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A Beauty Influencer Is Trying To Defend The Tough "Hybrid" Job Of Being An Influencer, But Not Everyone Is Quite Convinced

"An influencer is a hybrid of many jobs," wrote online beauty and fashion personality Amra Olević Reyes. "Not many can do it and stay consistent."

Posted on October 2, 2019, at 2:16 p.m. ET

A beauty and lifestyle personality with over 5.8 million followers on Instagram is taking a stand against what she's dubbed constant "influencer slander."

Amra Olević Reyes of New York City told BuzzFeed News she shared some of her thoughts on Twitter last Friday because she was "constantly see[ing] people bashing influencers."

"Other beauty/fashion professionals slander our job and make it seem less than," she said. "Whether it’s professional makeup artists, hairstylists, or higher-up fashion representatives, they say things like 'influencers don’t do shit.'"

She was then compelled to tweet in defense of influencers by first calling out those who were criticizing her and others. She shared a brief list of the "hybrid" duties of being a popular online beauty personality.

The only people that discredit influencers are those that tried it and didn’t succeed. Don’t throw stones now just cause you didn’t pop 🤷🏻‍♀️

First, Reyes tweeted that she believes the "only people that discredit influencers are those that tried and didn't succeed."

She then wrote out the many job titles that she believes she and other beauty influencers hold at once: "A stylist, makeup artist, hair stylist, photographer, editor, creative director."

"Not many can do it & stay consistent. Ion wanna hear no influencer slander again," she concluded in the tweet.

An influencer is a hybrid of many jobs. A stylist, makeup artist, hair stylist, photographer, editor, creative director. And y’all still saying it isn’t legitimate? FOH lol. Not many can do it & stay consistent. Ion wanna hear no influencer slander again.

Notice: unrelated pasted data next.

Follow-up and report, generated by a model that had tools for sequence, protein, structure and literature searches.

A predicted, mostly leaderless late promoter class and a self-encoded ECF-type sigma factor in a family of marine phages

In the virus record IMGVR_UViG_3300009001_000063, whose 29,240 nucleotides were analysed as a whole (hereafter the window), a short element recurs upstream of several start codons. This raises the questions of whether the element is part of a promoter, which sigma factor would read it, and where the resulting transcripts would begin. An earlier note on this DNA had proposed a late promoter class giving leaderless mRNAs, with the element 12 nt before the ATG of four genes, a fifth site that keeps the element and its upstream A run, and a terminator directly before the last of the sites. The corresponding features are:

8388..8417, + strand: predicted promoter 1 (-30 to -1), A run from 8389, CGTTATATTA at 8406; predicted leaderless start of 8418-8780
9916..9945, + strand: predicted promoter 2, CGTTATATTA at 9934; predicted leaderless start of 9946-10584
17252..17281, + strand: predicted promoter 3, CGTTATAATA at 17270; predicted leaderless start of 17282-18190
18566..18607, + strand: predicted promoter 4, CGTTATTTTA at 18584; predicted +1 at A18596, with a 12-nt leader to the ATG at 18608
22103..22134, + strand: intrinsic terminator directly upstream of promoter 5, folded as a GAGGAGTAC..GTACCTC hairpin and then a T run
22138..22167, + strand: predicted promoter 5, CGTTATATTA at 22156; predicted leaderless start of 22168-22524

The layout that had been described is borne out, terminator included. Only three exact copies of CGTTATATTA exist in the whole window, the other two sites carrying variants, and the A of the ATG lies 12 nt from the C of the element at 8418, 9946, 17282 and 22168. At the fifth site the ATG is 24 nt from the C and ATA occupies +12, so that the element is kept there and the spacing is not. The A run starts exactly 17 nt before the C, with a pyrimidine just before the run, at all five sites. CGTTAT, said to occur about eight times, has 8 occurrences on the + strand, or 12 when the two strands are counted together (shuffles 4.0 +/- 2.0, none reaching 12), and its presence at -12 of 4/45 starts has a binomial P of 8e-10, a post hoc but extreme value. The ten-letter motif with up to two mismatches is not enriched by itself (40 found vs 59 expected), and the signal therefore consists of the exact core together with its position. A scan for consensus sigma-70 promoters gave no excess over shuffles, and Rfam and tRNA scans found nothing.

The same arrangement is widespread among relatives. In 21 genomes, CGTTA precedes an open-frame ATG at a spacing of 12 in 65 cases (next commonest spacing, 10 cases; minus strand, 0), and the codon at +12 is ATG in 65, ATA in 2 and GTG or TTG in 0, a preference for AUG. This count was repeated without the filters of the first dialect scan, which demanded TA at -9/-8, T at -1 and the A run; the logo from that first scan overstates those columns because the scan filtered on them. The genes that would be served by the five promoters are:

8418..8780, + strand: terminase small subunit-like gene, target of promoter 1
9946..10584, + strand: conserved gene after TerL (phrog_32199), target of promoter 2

Reyes said she was particularly triggered by people "downplaying [the] role in the world today" and "saying it's not a real job."

"We take on many hats and our job entails a lot more than people assume," she added.

Many of her followers and other influencers loudly endorsed her tweets. "It needed to be said," wrote a fellow YouTuber.

"I completely agree. It’s like being a full time youtuber or blogger. It sounds fun but it’s still a lot of hard work," another added.

However, many others further challenged her.

"All the respect fr but people go to school to get licensed for hairdressing so be proud without slapping your name on our careers unless you’re licensed yourself," one person tweeted.

A fellow blogger weighed in, saying while her very online job is "hard ... many have it harder."

never get these tweets, you could break any job into different components (‘hair stylist’? we all have to do our hair whether an influencer or not!). As someone who blogs myself, I never get why were so desperate to prove how hard we have it! It’s hard but many have it harder https://t.co/tDseFtWP92

Reyes' declarations about influencing for a living have also been called privileged.

In response, the influencer told BuzzFeed News she believes many online personalities and brands "started from the bottom."

"Being that most influencers started from the bottom, and had to work their way up with no connections, [it's] far from privileged," she said. "Although it may seem like we have it easy, there was years of struggle that took to even get noticed."

She's on a mission to cement the relevancy and real-life "impact" of the influencer economy.

"Influencers are the new age," said Reyes. "We have a huge impact on the market especially. Brands know that, and the general public should as well."

For now, there is still public resistance — or at least criticism — of the merits of this new kind of job.


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